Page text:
Articles Tagged with: India travel taboo

India Travel Tips – DOs and DONTs


INDIA TRAVEL

Welcome to India!

India is a wonderful place, you will enjoy the scenic beauty, rich culture, engrossing traditions there, but India is a country with enormous internal diversity. Same as other countries in the world, there are travel taboos in India which cause extreme offence and lead to an immediate negative reaction in India. Although most local people are very tolerant to foreigners, it’s wise to be mindful of local customs, learn the following travel tips, and follow Indian Dos and Donts before travelling to Indian in order to avoid getting in trouble or seriously offending someone.

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India Travel Taboo

Ears in India are considered sacred, pulling or boxing ones ears is a grave insult.

India Donts

  • Do not offer to shake the hand of a person of the opposite sex unless they offer first.
  • Do not walking over books and paper, even newspaper or even touching them with your feet, as Indian people treat books as a metaphor for the Goddess of learning.
  • Do not use the same hand for eating and also for taking food from a common dish on the dining table. Indians believe other people’s saliva is unhygienic. Tasting and taking a sip from others’ glasses is regarded as violation of private space. If you need a spoon, you will need to ask for it or bring one along.   Typically, people eat with their (right) hand.
  • Do not breaking temple rules while on a visit to a temple. Feet, particularly shoes/sandals, are considered unclean, always take them off when entering a temple (except in some Westernized, urban congregations). In some temples tourists are not even allowed to walk into the most holy areas with their shirts on!
  • Do not touch anyone or receive/give anything with one’s left hand, as the left hand is only used for one’s “morning business.”
  • Do not drink any alcohol or smoke in public. It’s offensive.
  • Do not hunt, as killing wildlife can get you in serious trouble. Do not hurt a cow, as many Hindus consider the cows are holy, and are offended if they are hit by strangers.
  • Do not discuss religion, especially with Muslims who form 11% of India’s population. Do not make comments of ridicule or disrespect toward the society or any religion.  People are very resentful of Western (ignorant) judgments.
  • Do not do any public preaching or handing out of tracts, and that kind of activity is prohibited when you are in India on a tourist visa
  • Do not visit areas in the extreme north or north-east, as foreigners, especially west Europeans and Americans are at risk to be hostaged by terrorists in those areas. The other areas of India is safe for everyone.
  • Do not buy food from roadside stalls or mobile canteens. Do not drink local tap water, drink bottled water only. Do not eat fresh fruit and vegetables that you cannot peel.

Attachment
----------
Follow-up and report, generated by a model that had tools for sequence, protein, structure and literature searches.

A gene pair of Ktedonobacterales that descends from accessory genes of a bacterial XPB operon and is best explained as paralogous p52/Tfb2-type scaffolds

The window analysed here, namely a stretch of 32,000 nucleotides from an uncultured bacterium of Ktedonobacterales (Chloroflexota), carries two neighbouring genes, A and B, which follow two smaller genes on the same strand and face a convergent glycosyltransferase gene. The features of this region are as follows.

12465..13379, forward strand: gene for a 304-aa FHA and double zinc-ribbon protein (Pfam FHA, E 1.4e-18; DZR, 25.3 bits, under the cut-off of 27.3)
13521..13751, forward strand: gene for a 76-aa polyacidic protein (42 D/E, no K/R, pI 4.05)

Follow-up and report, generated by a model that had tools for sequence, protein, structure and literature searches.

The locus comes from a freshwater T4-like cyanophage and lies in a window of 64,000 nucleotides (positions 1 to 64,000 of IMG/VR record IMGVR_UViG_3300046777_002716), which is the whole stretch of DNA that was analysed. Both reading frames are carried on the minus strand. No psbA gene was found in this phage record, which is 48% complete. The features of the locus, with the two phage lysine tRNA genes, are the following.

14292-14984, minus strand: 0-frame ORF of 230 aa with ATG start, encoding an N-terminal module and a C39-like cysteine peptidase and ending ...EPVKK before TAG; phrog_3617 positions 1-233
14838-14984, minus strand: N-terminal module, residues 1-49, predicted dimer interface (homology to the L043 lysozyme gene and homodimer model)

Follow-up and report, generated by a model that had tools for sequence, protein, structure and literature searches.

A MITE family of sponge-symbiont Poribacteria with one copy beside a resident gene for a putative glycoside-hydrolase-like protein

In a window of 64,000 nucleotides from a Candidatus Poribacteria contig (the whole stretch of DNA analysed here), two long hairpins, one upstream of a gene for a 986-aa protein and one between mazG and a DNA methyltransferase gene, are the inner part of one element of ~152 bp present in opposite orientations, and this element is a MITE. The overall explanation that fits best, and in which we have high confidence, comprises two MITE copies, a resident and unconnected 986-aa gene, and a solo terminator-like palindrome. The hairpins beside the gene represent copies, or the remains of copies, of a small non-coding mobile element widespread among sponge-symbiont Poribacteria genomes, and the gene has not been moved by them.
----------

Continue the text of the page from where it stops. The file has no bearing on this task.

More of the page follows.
• Do not take offers of spiritual salvation and magic remedies from saints, godmen and quacks. There is no way you can distinguish the genuine ones from the crooks.
  • Do not try to explore Indian road yourself, nor to drive in India unless you have been trained on Indian roads.
  • Do not ever purchase air, rail or bus tickets through strangers or unauthorized travel agents or tour operators. In any case avoid persistent touts and taxi-wallahs at airport/stations/bus stand to help you find your hotel. Always use tourist assistance desk for proper advice.
  • Do not hire any type of transportation from unlicensed operators. In case of taxis and auto-rickshaws, try to hire them from the pre-paid booths if possible. Otherwise, insist on going by the meter or set a fare in advance to avoid being over charged.

India Dos

  • Do dress modestly if you are female. No sleeveless blouses, no short skirts, no shorts, no low, loose collars. And  men do not wear shorts.
  • Do prepare yourself at the earliest. Indian traffic and roads are hapless.
  • Do greet people with big smile. Handshake with ladies especially in rural areas should be avoided.
  • If possible do cover yourself with travel insurance for thefts, loss and medi-claim. Do exchange money only through authorize banks or money changers.
  • Do immunized yourself against various diseases like typhoid, malaria, hepatitis and tetanus that are prevalent in India. Do take whatever medications you need in ample supply.
  • Do bargain with half price when you buy things from roadside stalls or hawkers, but do not bargain in proper shops especially where display “fixed price” signs.
  • Do make sure to remove your footwear when visiting a place of worship or mausoleum.
  • As customary, do bring some small gifts as hostess gifts and as presentations to one’s students, it can be as small as a postcard from your home region.

© 2010 traveltaboo.com

Filed under : Asia, India
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